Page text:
Monday, November 19, 2007

The Megan Meier Case

The Internet is abuzz with debate over the death of 13-year-old Megan Meier. She committed suicide after being jilted by a boy named Josh who had shown interest in her in the virtual world of MySpace. As it turns out, there was no Josh. He was a cruel hoax, the work of a neighbor whose daughter had had a falling out with Megan.

Authorities say no law was broken, so no charges can be filed. Many in the online forums are unconvinced and outraged. This post from "Cindy" is typical: "She is the DEVIL, evil beyond words and if she does not pay for this crime, she will when she burns in the hottest of hells when her soul goes to hell. Hell is not even hot enough for this lowest form of scum on the earth." (Read more>)

In reviewing coverage of the case, both online and in traditional media, the web has more passion and more information. Online posts have identified the woman, her husband, his employer, their business and its customers (complete with addresses and phone numbers). Meanwhile, traditional news organizations so far have withheld the name of the neighbor.

In one posting, someone who identified himself as a newspaper journalist wrote: "Every day newspaper journalism as we know it gets one step closer to death, as readers turn to blogs and TV and other media for information. This wimp of an editor, who doesn't have the guts to name the wrongdoers involved, has just hastened our eventual demise by at least another week or two."

There is a common assumption that traditional journalists do the reporting and the blogosphere sits back and provides commentary. In this case, as in so many, most of the reporting is being done online by private citizens. But the lingering question remains, are they journalists, vigilantes or both?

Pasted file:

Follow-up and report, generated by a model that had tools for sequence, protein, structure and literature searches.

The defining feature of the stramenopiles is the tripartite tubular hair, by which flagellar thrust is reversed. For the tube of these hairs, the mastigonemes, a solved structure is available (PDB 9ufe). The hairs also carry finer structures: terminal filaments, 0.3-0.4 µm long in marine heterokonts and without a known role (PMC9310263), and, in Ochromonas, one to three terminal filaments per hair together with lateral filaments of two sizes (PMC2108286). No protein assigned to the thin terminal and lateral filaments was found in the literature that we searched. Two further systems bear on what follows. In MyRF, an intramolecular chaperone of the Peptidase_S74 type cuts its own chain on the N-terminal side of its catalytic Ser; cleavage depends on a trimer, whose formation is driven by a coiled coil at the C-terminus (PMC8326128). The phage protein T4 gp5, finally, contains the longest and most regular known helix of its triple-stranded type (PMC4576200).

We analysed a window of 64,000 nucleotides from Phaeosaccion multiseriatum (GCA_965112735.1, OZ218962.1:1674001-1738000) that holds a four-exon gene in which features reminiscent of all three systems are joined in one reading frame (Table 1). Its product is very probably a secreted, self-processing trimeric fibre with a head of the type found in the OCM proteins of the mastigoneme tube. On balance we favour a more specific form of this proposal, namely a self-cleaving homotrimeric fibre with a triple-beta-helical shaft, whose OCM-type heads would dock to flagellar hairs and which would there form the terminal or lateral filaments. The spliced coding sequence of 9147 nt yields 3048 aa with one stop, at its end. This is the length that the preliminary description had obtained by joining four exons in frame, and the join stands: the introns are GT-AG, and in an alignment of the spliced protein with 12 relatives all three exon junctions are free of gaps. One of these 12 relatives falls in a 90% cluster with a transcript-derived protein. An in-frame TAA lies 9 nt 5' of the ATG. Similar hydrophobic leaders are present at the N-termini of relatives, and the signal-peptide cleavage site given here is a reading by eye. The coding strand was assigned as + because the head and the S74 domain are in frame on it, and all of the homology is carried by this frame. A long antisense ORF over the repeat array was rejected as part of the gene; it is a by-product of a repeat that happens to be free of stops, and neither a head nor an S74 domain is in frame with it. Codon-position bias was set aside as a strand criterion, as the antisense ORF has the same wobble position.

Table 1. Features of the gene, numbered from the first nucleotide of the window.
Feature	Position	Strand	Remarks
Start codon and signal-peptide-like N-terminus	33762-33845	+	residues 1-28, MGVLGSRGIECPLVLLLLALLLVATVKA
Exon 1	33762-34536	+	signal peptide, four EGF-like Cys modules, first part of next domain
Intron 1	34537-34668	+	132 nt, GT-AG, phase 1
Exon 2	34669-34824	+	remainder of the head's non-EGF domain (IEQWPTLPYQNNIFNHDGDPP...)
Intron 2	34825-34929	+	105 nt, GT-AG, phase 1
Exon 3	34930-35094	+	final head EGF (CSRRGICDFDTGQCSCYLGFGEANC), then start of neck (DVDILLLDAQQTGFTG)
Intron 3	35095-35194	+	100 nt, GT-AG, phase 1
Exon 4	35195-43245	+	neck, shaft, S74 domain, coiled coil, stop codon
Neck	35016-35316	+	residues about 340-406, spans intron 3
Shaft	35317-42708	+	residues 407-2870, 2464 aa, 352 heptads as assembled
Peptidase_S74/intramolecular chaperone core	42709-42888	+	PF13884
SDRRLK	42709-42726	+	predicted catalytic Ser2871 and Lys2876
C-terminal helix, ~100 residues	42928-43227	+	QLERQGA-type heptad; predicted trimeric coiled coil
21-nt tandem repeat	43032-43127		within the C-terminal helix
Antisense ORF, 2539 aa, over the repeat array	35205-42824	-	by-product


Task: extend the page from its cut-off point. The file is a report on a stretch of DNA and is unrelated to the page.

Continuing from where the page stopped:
It is obvious from my review how much private citizens can contribute to a story. However, one is reminded of the importance of journalistic ethics and an understanding that in the U.S., we are supposed to be innocent until proven guilty.

Monday, November 12, 2007

The increasing importance of multimedia content

A common theme in the online world is the growing importance of multimedia content. Just about every newspaper with whom we work now offers video in some fashion and just about all of them are reporting significant increases in traffic for it.

So I am rarely surprised when I talk to a newspaper and they tell me about the explosive growth of multimedia usage on their sites. However, I learned something last week at The New York Times that took even me by surprise.

During the recent California wildfires, 10 percent of all site traffic was for multi media content, according to Fiona Spruill, editor of The Times' web newsroom. This percentage represents a staggering number. is a hugely successful website that counts its page views in the billions. That's with a "B."

The Times' success with multimedia underscores the importance of a video/multimedia strategy for almost any news website as well as to companies and other strategic communicators. The simple truth is if you don't offer multimedia content, your visitors are going to be drawn to other websites that do.